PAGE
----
First day on set today. I’ve done some unusual jobs over the years for certain. This is one of them.
Only three days on set in total, so a relatively short job. Just as you’re making the relationship with the other actors you’re pulled apart. But today I met some of the others and they were diamonds. They were all working in German, which is the predominant language on set. I’m on a German shoot, essentially.
I understand German fairly well even though I can barely speak a word. Dad was always in the Graubünden in Switzerland. I was frequently there too, as a child in the eighties, collecting discarded glass bottles and taking them to the supermarket because they had machines even then for recycling. These guys have a nuclear shelter in every household. In the event of a global nuclear apocalypse, the neutral Swiss will eventually come out on top and rebuild a civilisation where everything is on time but you can’t flush the loo after midnight and if you slam the car door you get a fine, but you know EXACTLY WHERE EVERYTHING IS.
It’s really odd contemplating Switzerland as an adult now, having spent so much time there as a child, then. They were recycling in the eighties and incentivising it well enough that little Al was washing muddy found bottles to take to the co-op every morning for a deposit that was worth the work. But they are also the country that gave us “exterminate exterminate exterminate” Nestle. (My quote not theirs. This blog is fiction. That’s the daleks. Nestlé aren’t the daleks.) But yeah, it’s Swiss that company that pipes your paid for tapwater, filters it a bit, shoves it into plastic and sells it back to you with a label on it. The company that created addictive baby milk substitute to sell to the poorest people on the planet. One of the companies that is ensuring the death of humanity by burning the lungs of the world to make “sustainable” Palm Oil plantations. (What does sustainable even mean in that context?) A vast implacable monster, so big it’s unstoppable in the capital driven context we use to establish merit. If I wasn’t just spinning words from a fictional character standpoint here I’d put all sorts of provisos in my blog to make sure their faceless evil lawyers wouldn’t stamp on my face as hard as they could if they found this and chose to.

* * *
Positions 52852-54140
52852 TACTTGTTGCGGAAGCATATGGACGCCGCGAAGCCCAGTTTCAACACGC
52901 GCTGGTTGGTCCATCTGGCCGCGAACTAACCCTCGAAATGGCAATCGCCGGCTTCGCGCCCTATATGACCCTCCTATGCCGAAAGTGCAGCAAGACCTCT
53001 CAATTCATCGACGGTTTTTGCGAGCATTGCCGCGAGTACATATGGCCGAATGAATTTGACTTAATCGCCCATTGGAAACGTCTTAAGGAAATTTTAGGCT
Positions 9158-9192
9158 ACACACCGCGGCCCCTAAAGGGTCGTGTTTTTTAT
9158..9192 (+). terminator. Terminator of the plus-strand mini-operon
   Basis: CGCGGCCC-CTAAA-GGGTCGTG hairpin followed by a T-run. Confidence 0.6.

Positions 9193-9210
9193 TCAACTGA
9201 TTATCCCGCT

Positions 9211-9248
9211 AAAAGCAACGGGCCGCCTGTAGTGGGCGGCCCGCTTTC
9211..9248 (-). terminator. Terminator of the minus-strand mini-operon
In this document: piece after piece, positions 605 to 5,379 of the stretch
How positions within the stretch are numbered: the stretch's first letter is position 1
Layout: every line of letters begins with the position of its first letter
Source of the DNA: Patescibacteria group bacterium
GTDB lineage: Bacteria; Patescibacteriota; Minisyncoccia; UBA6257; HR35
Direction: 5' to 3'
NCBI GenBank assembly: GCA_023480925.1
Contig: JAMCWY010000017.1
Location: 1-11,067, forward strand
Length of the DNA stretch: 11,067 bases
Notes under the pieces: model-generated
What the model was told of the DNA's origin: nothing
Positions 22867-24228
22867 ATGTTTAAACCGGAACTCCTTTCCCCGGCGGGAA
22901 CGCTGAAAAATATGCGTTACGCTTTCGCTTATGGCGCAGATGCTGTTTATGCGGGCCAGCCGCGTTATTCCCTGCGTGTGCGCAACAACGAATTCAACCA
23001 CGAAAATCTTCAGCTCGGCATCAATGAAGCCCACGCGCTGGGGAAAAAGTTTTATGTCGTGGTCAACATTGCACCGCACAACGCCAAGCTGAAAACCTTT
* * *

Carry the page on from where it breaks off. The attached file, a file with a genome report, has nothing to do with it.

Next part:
I digress. Be mindful, dear readers. Please. But where was I?
Oh yes. German.
So. Eighteen people in a tiny farmhouse kitchen while it shits rain outside. Four actors. Every other actor is working in German and so is all the crew. I’m gonna be dubbed. I could just say “banana banana banana” but the director is kind enough to give me a performance note at one point to make me feel involved. The female lead starts to enjoy saying “banana banana banana” once I’ve made this observation but she only does it between takes in her charming way.
What an unusual job. All I have to do is look smart, move my mouth with sound, and listen closely enough that I know when it’s “my line” and – primarily – not get freaked out by being on a film set. My job is just to be present and unruffled. I’ve anticipated the German language I’ll be hearing and I’ve learnt how many thoughts my fellow actors have before I speak. As well as learning their content in English obviously. But when people ask me that excruciating “how do you learn all those lines?” question, I usually talk about learning thoughts. Thoughts first. Exact expression second. Then you will never go dead.
Here, with the Cornwallgermans, I get to be part of the tapestry. Strange to think I’ll be dubbed. How will I be dubbed even? It’s very very very weird. And very well paid.
Three beautiful humans in the light with me. Many more behind it. A Swiss, an Austrian, a German and Al Barclay walk into a farmhouse in Cornwall. Gesundheit. I’m happy here. How could I not be with this after dinner. Happy but alone. Often the case on a shoot, particularly with a mutt like me who appears super confident but is slow to make friends.